Schneiderman Outlines ‘Stupid,’ ‘Brazen’ Corruption Scheme
Less than two hours after U.S. Attorney Preet Bharara wrapped up his press conference detailing a complex public corruption case against nine individuals, including now-former SUNY Poly President Alain Kaloyeros, state Attorney General Eric Schneiderman followed suit, revealing the outcome of his own – related, but independent – investigation.
The result of that probe, which, like Bharara’s, is still ongoing, was more charges for Kaloyeros, who, according to the AG, engaged in bid rigging to benefit Albany developer Joseph Nicolla, president of Columbia Development.
Schneiderman said Kaloyeros, who was once the state’s highest compensated public employee but has been suspended without pay by SUNY, and Nicolla colluded to benefit each other, the former even going so far as to provide details of a competitor’s solicitation for a lucrative state contract to the later to give him a leg up on the process six months before an RFP was officially issued.
Kaloyeros also allegedly awarded another lucrative contract to a firm that agreed to provide a nonprofit he controlled with a $50 million loan along with a $3 million research grant to SUNY Poly, the AG said, and engaged in a “collusive” agreement with an architectural firm that served to increase his own annual compensation.
Schneiderman called the actions by Kaloyeros “stupid” and “brazen” accusing them of “acting in an unrestrained way to enrich themselves.”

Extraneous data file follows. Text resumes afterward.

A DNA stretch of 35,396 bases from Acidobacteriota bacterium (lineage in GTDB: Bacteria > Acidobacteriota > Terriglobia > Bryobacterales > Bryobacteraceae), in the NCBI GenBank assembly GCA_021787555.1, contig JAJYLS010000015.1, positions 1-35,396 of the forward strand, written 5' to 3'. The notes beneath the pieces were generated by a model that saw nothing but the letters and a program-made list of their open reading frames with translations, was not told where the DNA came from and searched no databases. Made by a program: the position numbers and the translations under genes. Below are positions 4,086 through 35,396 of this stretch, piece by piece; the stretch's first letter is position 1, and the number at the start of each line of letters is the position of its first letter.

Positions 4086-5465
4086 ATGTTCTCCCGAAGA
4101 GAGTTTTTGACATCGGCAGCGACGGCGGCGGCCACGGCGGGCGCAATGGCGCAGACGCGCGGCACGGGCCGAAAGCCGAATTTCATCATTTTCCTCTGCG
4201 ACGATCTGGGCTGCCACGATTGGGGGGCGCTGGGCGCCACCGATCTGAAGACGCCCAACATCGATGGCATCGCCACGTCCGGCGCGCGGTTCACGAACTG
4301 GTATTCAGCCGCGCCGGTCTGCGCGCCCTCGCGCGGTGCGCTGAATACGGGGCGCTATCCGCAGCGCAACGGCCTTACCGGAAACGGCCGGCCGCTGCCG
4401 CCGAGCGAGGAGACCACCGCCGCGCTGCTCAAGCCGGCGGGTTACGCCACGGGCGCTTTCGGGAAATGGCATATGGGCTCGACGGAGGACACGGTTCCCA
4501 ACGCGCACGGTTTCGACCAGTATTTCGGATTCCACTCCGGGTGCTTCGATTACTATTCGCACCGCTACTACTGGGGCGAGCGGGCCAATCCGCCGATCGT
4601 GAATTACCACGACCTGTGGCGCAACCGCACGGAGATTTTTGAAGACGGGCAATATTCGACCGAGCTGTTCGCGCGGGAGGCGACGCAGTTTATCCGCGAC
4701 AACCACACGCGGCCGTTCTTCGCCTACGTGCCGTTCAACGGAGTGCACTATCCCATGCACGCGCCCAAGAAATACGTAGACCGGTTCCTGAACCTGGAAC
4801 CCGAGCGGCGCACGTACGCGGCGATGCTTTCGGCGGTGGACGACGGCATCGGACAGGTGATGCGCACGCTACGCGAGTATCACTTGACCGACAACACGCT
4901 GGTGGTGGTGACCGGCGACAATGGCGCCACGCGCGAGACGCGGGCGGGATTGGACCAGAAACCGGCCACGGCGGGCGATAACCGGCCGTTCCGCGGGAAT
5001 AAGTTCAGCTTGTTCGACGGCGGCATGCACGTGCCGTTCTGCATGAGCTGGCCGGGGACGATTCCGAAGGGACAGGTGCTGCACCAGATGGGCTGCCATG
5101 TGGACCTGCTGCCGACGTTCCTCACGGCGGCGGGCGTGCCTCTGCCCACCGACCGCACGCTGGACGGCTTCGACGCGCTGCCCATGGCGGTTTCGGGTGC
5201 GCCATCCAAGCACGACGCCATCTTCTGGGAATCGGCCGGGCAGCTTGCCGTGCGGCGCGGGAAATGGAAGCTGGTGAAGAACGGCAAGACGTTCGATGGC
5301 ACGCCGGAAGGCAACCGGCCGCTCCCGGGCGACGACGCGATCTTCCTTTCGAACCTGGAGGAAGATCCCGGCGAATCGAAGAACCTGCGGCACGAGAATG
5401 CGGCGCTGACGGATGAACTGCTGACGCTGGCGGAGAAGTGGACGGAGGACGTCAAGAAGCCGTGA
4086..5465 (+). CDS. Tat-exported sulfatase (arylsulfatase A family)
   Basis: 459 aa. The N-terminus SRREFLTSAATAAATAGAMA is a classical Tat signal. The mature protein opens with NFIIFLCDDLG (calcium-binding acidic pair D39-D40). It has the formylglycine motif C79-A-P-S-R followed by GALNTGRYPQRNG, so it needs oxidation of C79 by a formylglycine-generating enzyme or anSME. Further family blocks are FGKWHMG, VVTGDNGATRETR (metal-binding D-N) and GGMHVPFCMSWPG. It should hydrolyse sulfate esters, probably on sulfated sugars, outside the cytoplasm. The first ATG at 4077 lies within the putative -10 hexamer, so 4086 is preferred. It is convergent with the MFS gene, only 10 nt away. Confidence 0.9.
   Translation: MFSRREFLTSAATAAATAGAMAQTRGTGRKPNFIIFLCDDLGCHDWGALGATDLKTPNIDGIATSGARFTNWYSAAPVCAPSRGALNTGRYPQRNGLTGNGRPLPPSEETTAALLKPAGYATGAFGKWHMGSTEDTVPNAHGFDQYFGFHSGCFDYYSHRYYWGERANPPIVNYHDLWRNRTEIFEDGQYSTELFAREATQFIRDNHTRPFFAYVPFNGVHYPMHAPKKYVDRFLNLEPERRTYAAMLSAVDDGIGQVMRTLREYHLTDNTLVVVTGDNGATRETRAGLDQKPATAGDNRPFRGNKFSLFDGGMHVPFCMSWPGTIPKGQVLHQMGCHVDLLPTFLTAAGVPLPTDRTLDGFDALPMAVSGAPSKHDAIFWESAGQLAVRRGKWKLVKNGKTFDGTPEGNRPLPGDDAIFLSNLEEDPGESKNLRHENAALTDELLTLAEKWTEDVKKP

Kaloeryos is facing three felony counts of restraint of trade and competition and is scheduled to arraigned in Albany City Court tomorrow. Nicolla faces one count, and is scheduled to be arraigned in the same court on Monday.
If convicted on all charges, Kaloyeros faces a maximum sentence of 4 to 12 years in prison, while Nicolla faces 1.3 to 4 years in prison.
Schneiderman said he exercised the anti-trust powers afforded to him under the Donnelly Act. He said more individuals could be charged in the future, but stressed – when asked – that “there are no charges today that related in any way to” Gov. Andrew Cuomo.
Note the careful placement of “today” in that sentence by Schneiderman, who succeeded Cuomo in the AG’s office, and hasn’t always seen eye-to-eye with the governor, who even tried on his way out the door to take Martin Act power and give it to the newly created Department of Financial Services superintendent – a job created for his onetime top aide, Ben Lawsky.
You can read the AG’s complaint against Kaloyeros and Nicolla below.
|Print article||This entry was posted by Liz Benjamin on September 22, 2016 at 3:33 pm, and is filed under Eric Schneiderman. Follow any responses to this post through RSS 2.0. Both comments and pings are currently closed.|